It’s been estimated that around 30% of health issues are in some way related to people getting insufficient sleep. Most physicians advise that eight hours of uninterrupted sleep is normal, and an industry has grown up around this general prescription to supply sleeping pills and other sleep aids to people seeking this supposedly desirable outcome. Yet the data against sleeping pills is becoming persuasive, indicating that they bring various health risks of their own including an elevated risk of cancer and a higher mortality rate than the norm for equivalent cohorts. So it seems that taking sleeping pills may be worse for an individual’s health than lack of sufficient sleep itself.
In addition, the idea that humans evolved to sleep in one long stretch for eight or nine hours at a time is not supported by historical and anthropological evidence. In fact, since 2001 various publications have reported that in societies without access to artificial light, and in all societies prior to the invention of street lighting (which brought about major social change in the pattern of after-dark activity) people followed a sleep pattern quite different to the so-called “normal sleep pattern” that most people strive for today./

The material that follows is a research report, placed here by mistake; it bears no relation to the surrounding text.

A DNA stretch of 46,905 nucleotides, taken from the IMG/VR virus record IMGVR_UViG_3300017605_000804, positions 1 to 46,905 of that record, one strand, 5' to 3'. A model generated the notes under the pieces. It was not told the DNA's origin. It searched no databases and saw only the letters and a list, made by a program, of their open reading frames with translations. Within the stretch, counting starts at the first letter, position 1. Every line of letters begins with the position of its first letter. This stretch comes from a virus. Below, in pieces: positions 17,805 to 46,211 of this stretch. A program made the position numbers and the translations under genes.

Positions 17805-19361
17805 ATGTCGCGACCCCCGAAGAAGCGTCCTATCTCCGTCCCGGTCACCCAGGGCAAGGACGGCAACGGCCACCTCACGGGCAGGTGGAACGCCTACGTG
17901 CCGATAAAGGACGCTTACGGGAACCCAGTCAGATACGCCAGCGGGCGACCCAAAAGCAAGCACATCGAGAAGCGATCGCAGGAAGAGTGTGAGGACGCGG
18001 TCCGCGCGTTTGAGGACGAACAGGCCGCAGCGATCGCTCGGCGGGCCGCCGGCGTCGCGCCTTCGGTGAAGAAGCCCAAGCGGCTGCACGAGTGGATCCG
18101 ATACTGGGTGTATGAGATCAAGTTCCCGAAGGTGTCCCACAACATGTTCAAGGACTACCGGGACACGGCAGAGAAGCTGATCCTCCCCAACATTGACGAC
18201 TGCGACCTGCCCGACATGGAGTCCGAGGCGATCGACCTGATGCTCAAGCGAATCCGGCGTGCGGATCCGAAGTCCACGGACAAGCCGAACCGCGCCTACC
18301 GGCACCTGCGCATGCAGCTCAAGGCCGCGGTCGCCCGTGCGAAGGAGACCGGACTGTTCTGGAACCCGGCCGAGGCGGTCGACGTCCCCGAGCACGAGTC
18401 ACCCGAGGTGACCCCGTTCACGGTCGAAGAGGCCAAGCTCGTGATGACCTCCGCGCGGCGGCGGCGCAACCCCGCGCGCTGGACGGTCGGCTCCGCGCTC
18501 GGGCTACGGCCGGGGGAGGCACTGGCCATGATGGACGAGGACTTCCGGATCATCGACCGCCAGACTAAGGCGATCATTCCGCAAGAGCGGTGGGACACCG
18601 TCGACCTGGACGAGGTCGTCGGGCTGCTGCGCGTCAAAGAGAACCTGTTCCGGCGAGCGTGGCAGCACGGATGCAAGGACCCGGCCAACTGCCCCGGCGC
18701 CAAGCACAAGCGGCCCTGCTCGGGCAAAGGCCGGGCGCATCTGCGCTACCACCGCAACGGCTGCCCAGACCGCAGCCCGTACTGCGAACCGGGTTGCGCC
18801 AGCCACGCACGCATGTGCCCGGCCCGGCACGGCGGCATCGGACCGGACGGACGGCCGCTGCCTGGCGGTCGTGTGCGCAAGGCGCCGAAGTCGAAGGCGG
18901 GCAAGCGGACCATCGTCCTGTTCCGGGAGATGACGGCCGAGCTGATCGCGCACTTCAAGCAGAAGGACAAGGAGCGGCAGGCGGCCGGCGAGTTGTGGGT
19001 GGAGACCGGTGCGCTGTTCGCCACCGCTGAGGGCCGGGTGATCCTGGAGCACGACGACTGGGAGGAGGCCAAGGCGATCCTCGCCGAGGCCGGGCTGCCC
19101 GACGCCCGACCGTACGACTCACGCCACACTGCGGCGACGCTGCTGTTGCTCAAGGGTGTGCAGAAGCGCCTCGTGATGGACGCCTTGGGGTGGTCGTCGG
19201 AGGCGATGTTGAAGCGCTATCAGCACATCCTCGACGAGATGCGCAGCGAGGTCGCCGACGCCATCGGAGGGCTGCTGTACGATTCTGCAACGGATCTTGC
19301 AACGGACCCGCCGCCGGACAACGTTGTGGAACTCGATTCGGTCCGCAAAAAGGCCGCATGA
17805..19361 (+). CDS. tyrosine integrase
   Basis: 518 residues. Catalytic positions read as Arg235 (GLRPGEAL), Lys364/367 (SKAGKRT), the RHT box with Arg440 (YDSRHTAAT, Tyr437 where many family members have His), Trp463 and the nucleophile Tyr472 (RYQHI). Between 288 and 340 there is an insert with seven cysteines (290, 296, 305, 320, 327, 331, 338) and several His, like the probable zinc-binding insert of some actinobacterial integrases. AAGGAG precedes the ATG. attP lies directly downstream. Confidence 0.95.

Data seems to show conclusively that the normal sleep pattern for humans is so fall asleep an hour or two after dusk, sleep for four hours, and then wake for a period of two or three hours before falling asleep again until dawn. This pattern leaves sleepers more refreshed and alert than an eight-hour straight period of sleep. Unfortunately, most people who wake in the middle of the night become anxious that they aren’t sleeping, so falling asleep again becomes difficult. Furthermore, contemporary work and life patterns don’t readily accommodate this natural sleep pattern. Many people stay up late watching TV and rise early in order to commute to work. The results are both ill-health and a dependence on drugs to induce a sleep which lacks many of the properties necessary for true restfulness.